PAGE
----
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Stocks close sharply lower amid a range of worries

Wall Street
The corner of Broadway and Wall Street in New York’s Financial District.
(Richard Drew / Associated Press)

NEW YORK — Stocks fell sharply Monday as investors grappled with a range of worries and searched in vain for a reason to buy shares.

Last week’s decision by Federal Reserve policymakers to hold off on raising a key short-term interest rate was taken a sign that the Fed lacked confidence that the U.S. recovery would be able to withstand volatile markets and slowing economic growth overseas, said Randy Frederick, Schwab’s managing director of trading and derivatives.

“We were looking for an endorsement, and we didn’t get that,” Frederick said. “What we got was more uncertainty, and that’s what markets hate most.”

Just as markets were digesting last week’s Fed’s decision, the International Monetary Fund’s managing director, Christine Lagarde, was quoted in a French newspaper Monday dialing down expectations for global growth, sending another bearish signal.

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A global growth rate of 3.3 % in gross domestic product, or total economic output, is “no longer realistic” this year, she told Les Echos in Paris. “A forecast of 3.8% for next year isn’t, either. We still remain above the 3% threshold.”

In the U.S., the Dow Jones industrial average fell 312.78 points, or nearly 2%, to 16,000.89. The broader Standard & Poor’s 500 Index dropped more sharply, 2.5%, or 49.57, to 1,888.77. The gloomy result matched down days across continental Europe and on Japanese markets.

After a rough August and jittery September, the Dow is down about 12.5% from its peak on May 19 and more than 10% for the year. The S&P is off 11.7% from its May 21 peak and more than 8% for the year. Both are in correction territory, which is generally defined as a drop of 10% or more from a peak.

Analysts’ hopes at the start of the year for mid-single-digit returns for this year may have gone by the boards at this point — and even breaking even for the year will be a reach.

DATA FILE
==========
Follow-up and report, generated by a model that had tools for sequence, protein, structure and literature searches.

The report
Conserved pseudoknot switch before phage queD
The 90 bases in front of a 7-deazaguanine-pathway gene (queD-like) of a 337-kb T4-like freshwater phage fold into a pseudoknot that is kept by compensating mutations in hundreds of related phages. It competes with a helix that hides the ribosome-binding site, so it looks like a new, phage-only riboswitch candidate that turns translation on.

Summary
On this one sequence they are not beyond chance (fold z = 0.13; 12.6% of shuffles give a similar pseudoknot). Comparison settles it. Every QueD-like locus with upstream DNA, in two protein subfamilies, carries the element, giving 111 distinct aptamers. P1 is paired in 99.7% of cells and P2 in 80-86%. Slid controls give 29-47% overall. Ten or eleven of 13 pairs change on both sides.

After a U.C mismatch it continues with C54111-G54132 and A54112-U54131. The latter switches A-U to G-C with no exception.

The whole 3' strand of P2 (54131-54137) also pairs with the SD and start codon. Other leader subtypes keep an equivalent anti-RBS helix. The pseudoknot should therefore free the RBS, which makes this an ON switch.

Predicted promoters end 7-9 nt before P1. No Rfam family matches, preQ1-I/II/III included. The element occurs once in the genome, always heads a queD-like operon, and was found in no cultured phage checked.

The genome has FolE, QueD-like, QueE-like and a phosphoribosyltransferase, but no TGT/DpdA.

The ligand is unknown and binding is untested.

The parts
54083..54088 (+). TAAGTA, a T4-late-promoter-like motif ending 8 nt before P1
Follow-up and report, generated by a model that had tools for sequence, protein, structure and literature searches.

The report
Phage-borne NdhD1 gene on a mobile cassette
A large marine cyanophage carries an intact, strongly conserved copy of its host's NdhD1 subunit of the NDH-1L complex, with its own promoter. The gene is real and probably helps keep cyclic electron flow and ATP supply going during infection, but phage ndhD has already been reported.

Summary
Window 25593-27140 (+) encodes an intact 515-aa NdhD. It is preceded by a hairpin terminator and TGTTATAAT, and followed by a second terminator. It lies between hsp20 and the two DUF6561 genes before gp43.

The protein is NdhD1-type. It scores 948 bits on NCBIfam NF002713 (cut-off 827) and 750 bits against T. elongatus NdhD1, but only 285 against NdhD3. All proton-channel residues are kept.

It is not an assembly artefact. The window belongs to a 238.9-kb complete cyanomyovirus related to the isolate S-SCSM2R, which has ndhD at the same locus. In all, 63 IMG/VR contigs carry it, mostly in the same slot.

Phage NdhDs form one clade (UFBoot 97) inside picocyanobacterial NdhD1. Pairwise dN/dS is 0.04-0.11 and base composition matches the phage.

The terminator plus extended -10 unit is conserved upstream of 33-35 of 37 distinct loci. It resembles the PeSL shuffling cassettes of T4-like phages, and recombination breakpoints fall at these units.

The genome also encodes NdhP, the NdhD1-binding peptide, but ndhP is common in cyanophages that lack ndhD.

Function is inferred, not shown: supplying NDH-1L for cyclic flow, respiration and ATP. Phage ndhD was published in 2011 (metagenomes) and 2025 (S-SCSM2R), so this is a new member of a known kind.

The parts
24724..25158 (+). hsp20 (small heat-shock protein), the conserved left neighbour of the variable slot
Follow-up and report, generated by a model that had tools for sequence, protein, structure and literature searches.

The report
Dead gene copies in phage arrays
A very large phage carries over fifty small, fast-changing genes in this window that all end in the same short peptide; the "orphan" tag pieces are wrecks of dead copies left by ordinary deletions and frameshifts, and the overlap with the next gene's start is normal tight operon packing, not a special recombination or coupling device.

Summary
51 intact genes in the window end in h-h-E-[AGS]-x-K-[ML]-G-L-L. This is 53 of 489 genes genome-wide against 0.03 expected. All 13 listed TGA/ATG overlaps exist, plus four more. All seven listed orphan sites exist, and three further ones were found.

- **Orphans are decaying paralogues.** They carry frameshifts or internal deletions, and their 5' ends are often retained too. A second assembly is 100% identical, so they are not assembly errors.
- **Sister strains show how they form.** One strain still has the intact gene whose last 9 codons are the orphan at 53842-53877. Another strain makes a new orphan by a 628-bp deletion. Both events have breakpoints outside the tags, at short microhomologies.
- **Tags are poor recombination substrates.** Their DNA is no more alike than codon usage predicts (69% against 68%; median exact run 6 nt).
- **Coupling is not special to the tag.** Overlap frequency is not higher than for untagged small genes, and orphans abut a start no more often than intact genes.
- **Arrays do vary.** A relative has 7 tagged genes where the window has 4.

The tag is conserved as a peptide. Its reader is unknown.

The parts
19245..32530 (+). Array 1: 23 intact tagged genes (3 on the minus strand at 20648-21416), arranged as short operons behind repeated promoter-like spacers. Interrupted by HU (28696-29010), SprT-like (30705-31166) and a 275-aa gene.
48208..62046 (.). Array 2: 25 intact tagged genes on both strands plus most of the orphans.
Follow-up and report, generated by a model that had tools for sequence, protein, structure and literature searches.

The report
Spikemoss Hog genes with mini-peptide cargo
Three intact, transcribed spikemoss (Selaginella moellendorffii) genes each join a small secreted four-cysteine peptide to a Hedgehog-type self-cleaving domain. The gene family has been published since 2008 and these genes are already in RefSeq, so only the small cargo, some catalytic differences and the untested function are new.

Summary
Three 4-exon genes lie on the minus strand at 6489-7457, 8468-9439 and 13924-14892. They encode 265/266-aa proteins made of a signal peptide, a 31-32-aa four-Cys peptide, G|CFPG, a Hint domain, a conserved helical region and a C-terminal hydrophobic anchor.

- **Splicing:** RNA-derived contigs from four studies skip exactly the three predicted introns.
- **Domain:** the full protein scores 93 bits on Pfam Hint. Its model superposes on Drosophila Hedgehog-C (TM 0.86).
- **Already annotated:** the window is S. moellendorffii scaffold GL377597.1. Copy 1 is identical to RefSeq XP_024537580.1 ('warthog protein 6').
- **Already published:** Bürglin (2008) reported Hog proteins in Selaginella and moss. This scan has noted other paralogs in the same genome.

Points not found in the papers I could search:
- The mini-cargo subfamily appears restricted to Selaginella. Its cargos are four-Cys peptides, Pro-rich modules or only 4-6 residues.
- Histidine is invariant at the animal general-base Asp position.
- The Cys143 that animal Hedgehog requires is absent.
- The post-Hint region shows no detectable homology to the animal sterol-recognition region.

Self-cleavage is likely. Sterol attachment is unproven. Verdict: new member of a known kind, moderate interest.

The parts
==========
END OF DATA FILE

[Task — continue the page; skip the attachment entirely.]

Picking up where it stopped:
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“Where is the upside lift going to come from?” asked John Lonski, chief capital markets economist for Moody’s Analytics. “I can’t see it.”

U.S. tech stocks have been particularly hard hit. The Nasdaq composite index dropped more than 3% Monday, or 142.53 points, to 4,543.97. The tech-heavy index is down more than 13% from its July 20 peak and more than 4% for the year.

Analysts said the sharper fall is a function of the tech sector’s typically higher volatility, rising and falling more sharply than the broader indexes. Biotechnology, which is also heavily represented in the Nasdaq index, has been hammered lately.

For instance, the iShares Nasdaq Biotechnology exchange traded fund offered by BlackRock Inc., which owns a basket of stocks in that sector, had been up more than 30% for the year by July 21 and now is down more than 4%.

The market pessimism comes in the face of a string of reasonably good news in the U.S. economy. On Monday, the Commerce Department reported that consumer spending increased 0.4% in August from the previous month, a solid pace and better than economists had forecast. The pace of growth matched that of July, which was revised up from an initial estimate of 0.3%.

Chris Rupkey, chief financial economist at Union Bank in New York, called the consumer spending number “rock solid” and said it should help convince Fed policymakers that the economy is strong enough to raise the key interest rate for the first time in nearly a decade.

The consumer figures came on the heels of another Commerce report last week that found the U.S. economy performed better in the second quarter than earlier estimated, growing at a strong 3.9% annual rate.

But analysts said the GDP figure was old news and that there was no shortage of more recent bearish indicators, including signs of a slowdown in the housing sector, one of the U.S. economy’s bright spots, and continuing bad news out of China.

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Lonski noted that Chinese officials reported Monday that the country’s industrial sales grew only 1.3% from January through August, compared with 8.3% during the same period last year.

Lonski said the IMF’s Lagarde was “absolutely right” to lower global growth estimates, particularly given steep declines in industrial metals and oil prices, which portend lower global growth going forward.

Despite the gloom, few analysts forecast stocks tipping into a bear market, a decline of 20% from their peaks. Russ Koesterich, global chief investment strategist for BlackRock, wrote recently that despite recent spikes in market volatility and fears of a new recession, “the U.S. economy is sound.”

He predicted that stocks would end the year above current levels but that investors would be wise to temper expectations for their investments.

“While U.S. stocks are likely to outperform U.S. bonds,” he said, “neither may provide particularly exciting returns over the next few years.”

dean.starkman@latimes.com


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